The only thing I hadn't though of until just now is saddle width. My other two bikes have a 138 and a 143mm saddle but my new road saddle is 148. I ready that medial knee pain (where I'm having it, at least some of the time) can be caused by cleats too close to the bike (or too close to the inside of the shoe). Could a saddle being too wide effectively push my feet out and have the same impact as cleats in the wrong spot?

    Hello all,
    I am just a recreational rider who is 72 years old and I currently ride just 5 miles a day to strengthen my back muscles because I have herniated discs. When I was much younger, I rode about 60 miles every day and back then when I begin riding a bike, I had knee problems all the time until I discovered the cause of having sore knees.

    I found this forum and after reading this post, I joined just for the specific reason to relate to others the 'secret' of eliminating the problem of sore knees when riding a bike.

    The 'cure' for me was simply moving the saddle further back. I did this by replacing the seat post with one that extended further to the rear. When I did that, not only did my sore knee problems immediately stop, but on hills, I was able to ascend the hill in one gear higher than I could before. It was almost like magic, the increased power I had and how it took the strain off the knees.

    So, looking at your problem, it appears that the wider saddle is causing your body to be farther forward on the saddle than it was before. Of course, even before moving the saddle further back, make sure that your saddle is not too low (more riders than not have their saddle too low and thus they're not getting the full strength of their legs, plus too low a saddle will also strain the knees).

    Now reading this, you may be thinking "what does some old man know about riding a bike", but I challenge you to try moving you saddle further to the rear. I think you will be amazed at not only how your sore knee problem goes away, but also how much more leverage, and thus power it gives you to propel your bike.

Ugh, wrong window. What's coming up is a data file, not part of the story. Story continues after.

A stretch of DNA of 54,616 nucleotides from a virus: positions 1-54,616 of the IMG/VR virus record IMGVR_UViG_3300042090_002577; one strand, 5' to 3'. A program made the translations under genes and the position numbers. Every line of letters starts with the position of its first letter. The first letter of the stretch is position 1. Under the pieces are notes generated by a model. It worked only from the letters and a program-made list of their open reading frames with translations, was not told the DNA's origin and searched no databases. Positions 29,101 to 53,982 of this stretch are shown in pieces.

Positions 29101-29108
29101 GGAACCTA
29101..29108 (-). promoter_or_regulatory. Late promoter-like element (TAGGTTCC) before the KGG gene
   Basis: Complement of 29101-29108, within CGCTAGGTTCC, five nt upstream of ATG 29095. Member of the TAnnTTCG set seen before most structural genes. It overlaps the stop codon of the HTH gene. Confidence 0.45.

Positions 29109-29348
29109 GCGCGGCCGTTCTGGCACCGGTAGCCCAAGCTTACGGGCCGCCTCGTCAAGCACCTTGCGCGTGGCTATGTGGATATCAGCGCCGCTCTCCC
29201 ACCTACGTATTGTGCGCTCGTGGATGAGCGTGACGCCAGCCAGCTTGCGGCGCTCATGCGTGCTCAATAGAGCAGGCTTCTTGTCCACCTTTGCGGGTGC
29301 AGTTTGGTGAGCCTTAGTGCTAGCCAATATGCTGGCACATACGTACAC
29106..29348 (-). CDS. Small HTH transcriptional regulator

Happy cycling,
    Regards, Arky

  14. #14
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    My story is a bit different than Arky. I suffer from a rare form of gigantism whereby my endowment has continued to grow throughout my lifetime. In my experience, a wider saddle competes with the real estate needed to support my bid-ness which puts a giddyup in my pedal stroke which yes, can create knee pain. Take away is...each of us are different with different challenges and one size doesn't fit all to solving an issue such as knee pain.

  15. #15
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    If this is for casual riding my suggestion would be platform pedals. You'll lose some of the efficiency from the hamstring on the upstroke but the trade off is that a flexible foot position will alleviate so much of the knee concerns. If your prior fit was dialed in then this will be a trial error to dial in the slight variables.

    The sports orthopedic had suggested the pedal change for me when the chronic tendonitis came in. I can still ride with the Speedplays yet for worry free rides the platforms are wonderful relief. The freedom to walk leisurely and normally has also helped for those ride breaks.

  16. #16
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    Quote Originally Posted by SPlKE View Post
    Regardless of your saddle size or position, or the position of your cleats... if you pedal with your knees splayed out, you're putting unnecessary wear and tear on your knees.

    I learned this the hard way when I was having chronic knee pain on my bike. Ditto on the rowing machine and the elliptical during winter workout months.

    Keep your knees close-in laterally to the top bar during all phases of your spin and you'll see an improvement in the health of your knees. IMHO and my own experience.

    If the nose (term?) of your seat is too wide to permit that, get a narrower nosed seat. Again, IMHO and my own experience.
    Wobbly knees!

    Had the same experience when an innocent newbie. I'd look down and see the knees go in and out next to the top tube. Under power they'd wobble worse. I've got worn frame fit pump barrels to prove it. I really had to concentrate on an even pedal stroke to stabilize that lateral movement. The cleats have to be precisely adjusted so the feet were pointed straight ahead, heels cleared the chain stays, and shoes didn't rub on the crank arms. Following the crank around at high rpms in easy gears, trained the muscles to instinctively keep the knees in vertical alignment. They got stronger, all the way around.

    Again, may I humbly extoll the virtues of spinning! Its the fountain of youth. If its uncomfortable anywhere in the body, its a fit problem. OTOH, once that change gets made, the legs have to learn how to work it comfortably. Spinning teaches the legs very efficiently, without hurting the knees.